Three ring binders

Its almost that time again to start back-to-school shopping. To get back in the spring of things, we compiled our three cardinal virtues of learning, values that should be honored at every educational level as we proceed in life.

1. Invest in Thyself

Benjamin Franklin believed that the most important thing that one could invest in was themselves. Keep this in mind as you spend some Benjamins while back-to-school shopping. An average of $700 is spent on supplies for an average student grades k-12. Electronics and school supplies have increased spending substantially with parents planning on spending upwards of $913 million nationwide on supplies. Thanks to the internet, it has never been easier to get everything you need shipped in bubble mailers. Over one-third of back-to-school shoppers plan on doing some of their shopping online, along with nearly half of all college students. 3 ring binders, envelopes, numbered dividers, any style notebook, even printer ink can all be ordered quickly to your doorstep in bubble mailers before the semester begins.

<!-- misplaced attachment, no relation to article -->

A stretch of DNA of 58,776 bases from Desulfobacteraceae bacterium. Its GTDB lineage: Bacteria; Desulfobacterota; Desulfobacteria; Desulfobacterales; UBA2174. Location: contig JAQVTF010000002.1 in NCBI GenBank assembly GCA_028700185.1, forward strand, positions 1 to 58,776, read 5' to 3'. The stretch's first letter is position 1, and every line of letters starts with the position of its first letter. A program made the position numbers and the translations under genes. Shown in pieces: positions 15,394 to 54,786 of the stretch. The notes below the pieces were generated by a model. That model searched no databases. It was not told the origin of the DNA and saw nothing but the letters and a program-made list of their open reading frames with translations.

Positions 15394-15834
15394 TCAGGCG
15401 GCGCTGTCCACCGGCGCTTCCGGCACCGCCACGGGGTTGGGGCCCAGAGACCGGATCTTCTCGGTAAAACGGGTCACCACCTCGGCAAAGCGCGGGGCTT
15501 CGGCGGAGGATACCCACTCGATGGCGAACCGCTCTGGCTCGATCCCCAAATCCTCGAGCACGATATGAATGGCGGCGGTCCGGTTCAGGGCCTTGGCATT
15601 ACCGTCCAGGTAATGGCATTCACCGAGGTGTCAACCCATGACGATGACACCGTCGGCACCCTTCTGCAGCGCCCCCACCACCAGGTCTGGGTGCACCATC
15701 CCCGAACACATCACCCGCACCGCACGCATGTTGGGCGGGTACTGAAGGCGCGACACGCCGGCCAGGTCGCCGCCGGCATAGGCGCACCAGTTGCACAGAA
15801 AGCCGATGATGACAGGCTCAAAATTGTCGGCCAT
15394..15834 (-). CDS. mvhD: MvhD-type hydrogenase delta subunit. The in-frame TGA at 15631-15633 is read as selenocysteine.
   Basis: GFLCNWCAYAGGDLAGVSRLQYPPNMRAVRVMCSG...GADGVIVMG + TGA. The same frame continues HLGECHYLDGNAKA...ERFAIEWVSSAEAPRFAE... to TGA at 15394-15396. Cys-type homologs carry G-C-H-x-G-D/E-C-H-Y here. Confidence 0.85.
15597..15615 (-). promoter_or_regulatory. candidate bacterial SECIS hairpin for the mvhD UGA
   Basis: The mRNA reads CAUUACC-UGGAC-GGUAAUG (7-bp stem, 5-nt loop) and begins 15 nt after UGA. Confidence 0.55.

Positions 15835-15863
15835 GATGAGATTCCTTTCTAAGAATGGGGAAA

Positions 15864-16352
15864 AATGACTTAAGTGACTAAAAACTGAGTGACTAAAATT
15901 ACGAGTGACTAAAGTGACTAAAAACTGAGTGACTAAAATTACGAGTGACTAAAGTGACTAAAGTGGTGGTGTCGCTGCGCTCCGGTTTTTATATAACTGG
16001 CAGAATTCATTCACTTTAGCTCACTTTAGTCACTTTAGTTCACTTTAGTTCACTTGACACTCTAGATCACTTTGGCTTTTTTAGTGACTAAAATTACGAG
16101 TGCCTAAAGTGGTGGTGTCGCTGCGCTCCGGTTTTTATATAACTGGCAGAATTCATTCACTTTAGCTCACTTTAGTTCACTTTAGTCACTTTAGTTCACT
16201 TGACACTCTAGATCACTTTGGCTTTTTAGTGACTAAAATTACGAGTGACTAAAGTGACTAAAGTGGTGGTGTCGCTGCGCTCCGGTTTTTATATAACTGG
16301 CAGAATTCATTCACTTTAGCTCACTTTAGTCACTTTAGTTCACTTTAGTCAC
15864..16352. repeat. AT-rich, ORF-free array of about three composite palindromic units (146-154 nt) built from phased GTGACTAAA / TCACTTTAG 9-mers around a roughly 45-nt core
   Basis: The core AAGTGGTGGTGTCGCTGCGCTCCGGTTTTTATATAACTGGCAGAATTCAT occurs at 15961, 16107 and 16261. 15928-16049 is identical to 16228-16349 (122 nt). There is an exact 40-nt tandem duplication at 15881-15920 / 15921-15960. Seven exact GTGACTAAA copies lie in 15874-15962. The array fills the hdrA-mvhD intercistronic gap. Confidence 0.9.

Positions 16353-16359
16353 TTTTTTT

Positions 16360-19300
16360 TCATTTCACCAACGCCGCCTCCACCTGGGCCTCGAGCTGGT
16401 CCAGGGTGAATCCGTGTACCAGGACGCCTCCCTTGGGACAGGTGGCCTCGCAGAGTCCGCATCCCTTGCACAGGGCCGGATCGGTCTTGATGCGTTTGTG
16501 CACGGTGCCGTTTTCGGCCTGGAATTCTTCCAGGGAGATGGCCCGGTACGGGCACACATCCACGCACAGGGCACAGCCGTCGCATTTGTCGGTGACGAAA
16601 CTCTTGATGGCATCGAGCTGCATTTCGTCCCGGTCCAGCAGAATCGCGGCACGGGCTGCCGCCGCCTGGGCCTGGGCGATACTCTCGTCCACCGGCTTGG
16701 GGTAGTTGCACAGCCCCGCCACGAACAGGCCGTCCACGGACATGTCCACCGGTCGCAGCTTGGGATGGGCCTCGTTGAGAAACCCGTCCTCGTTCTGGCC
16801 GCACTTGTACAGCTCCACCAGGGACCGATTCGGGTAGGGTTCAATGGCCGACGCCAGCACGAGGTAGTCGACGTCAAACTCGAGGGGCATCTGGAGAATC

2. Spreadith Knowledge Everywhere

Never underestimate the power of words–paper companies know this because half of the American production of paper is devoted exclusively to printing and writing paper. In the early 90s there were just shy of 7 million copy machines in the US, that number has sky rocketed and grown since the turn of the millennium. Today the average office worker uses 10,000 sheets of copy paper each year. A sheet of paper is the one thing that nearly every house in America has a surplus of.

3. A Desk Art a Terrible Thing to Mess Up
Organization pleases our inner teachers. It is estimated that a total of $177 billion dollars is lost in the cumulative efforts of Americans trying to find a misplaced item in a messy desk. An organized work environment is not only a happy setting, but an efficient one. Over half of all Americans have admitted that they judge their own coworkers based on how neat and organized their work space is. 80% of Americans agree that clutter ends up hampering productivity at some point.